Testimony to the Joint Session of the Nebraska Revenue, Education, and Retirement Committees
Members of the Revenue, Education, and Retirement Committees,
Thank you for the opportunity to testify today on LB 289 as amended by AM 1381. My name is Joseph Bishop-Henchman, and I am with the Tax Foundation in Washington, D.C. We are a national think tank that collects data and conducts analysis on tax issues. We do not take a position on legislation, but I would like to make three informational points.
First, sales tax broadening is a common trend undertaken in many states now, as a way of modernizing the sales tax to reflect today’s service-based economy. However, you should be aware that including sales tax exemptions only for necessities is a difficult task, as every sale of a good or service is considered a necessity by someone. Additionally, picking only a few goods and services to subject to sales tax, rather than a more comprehensive approach that doesn’t leave many exemptions on the table as you do here, can leave the sectors you are expanding the sales tax to feeling unfairly targeted.
Second, cigarette tax revenue declines year over year, due to falling consumption of that product. This is a nationwide, decades-long trend. Using this revenue dollar-for-dollar for tax cuts elsewhere may balance in year one but will create a widening gap in subsequent years as that revenue source resumes its monotonic decline. Cigarette tax revenue should not be part of a package designed to be revenue-neutral, because it makes it not revenue-neutral.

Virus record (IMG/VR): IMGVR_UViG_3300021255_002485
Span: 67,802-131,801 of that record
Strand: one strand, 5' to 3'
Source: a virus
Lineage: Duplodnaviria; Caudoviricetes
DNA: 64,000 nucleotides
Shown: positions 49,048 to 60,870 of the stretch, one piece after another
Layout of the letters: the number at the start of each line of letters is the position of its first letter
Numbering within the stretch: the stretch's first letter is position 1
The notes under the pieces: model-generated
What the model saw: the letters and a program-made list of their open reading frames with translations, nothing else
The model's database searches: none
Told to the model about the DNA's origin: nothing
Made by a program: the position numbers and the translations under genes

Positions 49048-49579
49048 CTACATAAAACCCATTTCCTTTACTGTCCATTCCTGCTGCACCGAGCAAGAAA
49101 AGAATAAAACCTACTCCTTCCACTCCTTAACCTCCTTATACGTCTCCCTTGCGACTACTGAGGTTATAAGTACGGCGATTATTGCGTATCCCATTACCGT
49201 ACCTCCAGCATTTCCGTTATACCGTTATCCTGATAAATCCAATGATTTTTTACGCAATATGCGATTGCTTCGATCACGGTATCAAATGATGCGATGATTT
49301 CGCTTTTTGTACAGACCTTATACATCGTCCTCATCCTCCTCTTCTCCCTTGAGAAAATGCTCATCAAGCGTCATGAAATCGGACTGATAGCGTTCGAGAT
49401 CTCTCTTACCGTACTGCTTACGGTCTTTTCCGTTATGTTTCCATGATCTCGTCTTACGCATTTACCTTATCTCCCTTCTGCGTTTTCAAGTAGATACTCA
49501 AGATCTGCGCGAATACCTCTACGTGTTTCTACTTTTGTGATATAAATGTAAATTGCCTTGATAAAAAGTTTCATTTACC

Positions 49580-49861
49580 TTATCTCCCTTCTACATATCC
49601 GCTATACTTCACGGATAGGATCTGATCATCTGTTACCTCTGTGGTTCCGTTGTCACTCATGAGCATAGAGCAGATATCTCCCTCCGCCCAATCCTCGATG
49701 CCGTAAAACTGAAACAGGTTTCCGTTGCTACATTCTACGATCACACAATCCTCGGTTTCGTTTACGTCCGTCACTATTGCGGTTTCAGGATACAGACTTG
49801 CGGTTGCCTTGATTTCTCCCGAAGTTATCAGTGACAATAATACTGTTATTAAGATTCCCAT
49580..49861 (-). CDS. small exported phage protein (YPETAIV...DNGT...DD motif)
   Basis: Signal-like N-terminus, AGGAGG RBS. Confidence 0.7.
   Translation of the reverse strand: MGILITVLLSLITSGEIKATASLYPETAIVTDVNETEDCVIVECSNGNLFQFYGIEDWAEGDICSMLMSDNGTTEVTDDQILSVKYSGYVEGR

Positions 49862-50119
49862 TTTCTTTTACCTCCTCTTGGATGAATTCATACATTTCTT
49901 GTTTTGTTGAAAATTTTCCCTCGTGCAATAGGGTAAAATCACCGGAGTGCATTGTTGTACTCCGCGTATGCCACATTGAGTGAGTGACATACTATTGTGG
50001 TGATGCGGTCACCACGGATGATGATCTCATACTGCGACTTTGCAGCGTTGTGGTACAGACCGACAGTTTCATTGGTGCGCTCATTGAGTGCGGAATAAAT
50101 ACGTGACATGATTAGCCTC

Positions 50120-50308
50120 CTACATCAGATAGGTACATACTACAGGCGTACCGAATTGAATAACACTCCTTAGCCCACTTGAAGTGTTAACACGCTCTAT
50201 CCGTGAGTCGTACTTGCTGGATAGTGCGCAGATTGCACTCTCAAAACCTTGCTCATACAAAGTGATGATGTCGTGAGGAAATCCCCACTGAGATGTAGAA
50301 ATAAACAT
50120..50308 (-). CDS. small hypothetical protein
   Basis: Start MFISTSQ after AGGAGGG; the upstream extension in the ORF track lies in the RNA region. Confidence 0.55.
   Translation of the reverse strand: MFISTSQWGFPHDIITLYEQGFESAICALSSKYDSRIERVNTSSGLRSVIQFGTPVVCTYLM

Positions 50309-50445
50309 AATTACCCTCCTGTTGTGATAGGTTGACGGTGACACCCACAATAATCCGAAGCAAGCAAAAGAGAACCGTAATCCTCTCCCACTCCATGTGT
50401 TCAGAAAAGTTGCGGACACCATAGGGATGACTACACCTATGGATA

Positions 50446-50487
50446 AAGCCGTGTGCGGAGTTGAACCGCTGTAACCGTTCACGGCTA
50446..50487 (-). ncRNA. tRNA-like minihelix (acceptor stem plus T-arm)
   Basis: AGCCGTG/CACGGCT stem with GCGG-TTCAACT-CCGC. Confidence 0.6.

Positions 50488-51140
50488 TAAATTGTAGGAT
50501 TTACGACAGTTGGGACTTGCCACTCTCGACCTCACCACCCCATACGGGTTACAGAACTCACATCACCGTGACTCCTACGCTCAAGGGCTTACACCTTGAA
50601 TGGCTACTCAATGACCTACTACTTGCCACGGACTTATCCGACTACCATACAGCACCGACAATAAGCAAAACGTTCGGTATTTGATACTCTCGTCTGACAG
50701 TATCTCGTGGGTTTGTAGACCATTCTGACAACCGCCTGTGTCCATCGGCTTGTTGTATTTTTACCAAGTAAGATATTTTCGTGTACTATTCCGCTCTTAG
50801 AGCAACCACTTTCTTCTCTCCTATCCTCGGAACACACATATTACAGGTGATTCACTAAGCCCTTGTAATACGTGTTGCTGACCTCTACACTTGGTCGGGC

Third, Nebraska currently has the 27th highest sales tax in the United States by rate when you include both state and average local sales taxes. This bill would take it to 17th highest, similar to Colorado’s.
Nebraska’s property tax is currently 12th highest by collection, and this bill would take it to 13th or 14th highest, still higher than Kansas, Missouri, Colorado, and South Dakota. (See table.)
Nebraska would still have the 19th highest individual income tax, just below Minnesota and higher than Missouri, Kansas, and Colorado, and 16th highest corporate income tax, as this bill misses the opportunity to address those taxes.
Overall, we project that this bill would worsen Nebraska’s ranking on the State Business Tax Climate Index, our comprehensive ranking of state tax structures for business friendliness, from 24th to 26th if the property tax reductions fully materialize, and 29th if they do not, moving below Kansas in terms of our ranking of state tax structure. It would not be unprecedented: my home state of California, for example, has a core tax policy of raising sales and income taxes to pay for lower property taxes, with resultant pros and cons.
Put simply, Nebraska has high income, business, and property taxes. This bill would result in Nebraska having high income, business, property, and sales taxes. Thank you.
|State||Collections per Capita||Rank|
|Source: U.S. Census Bureau|
|District of Columbia||$3,535|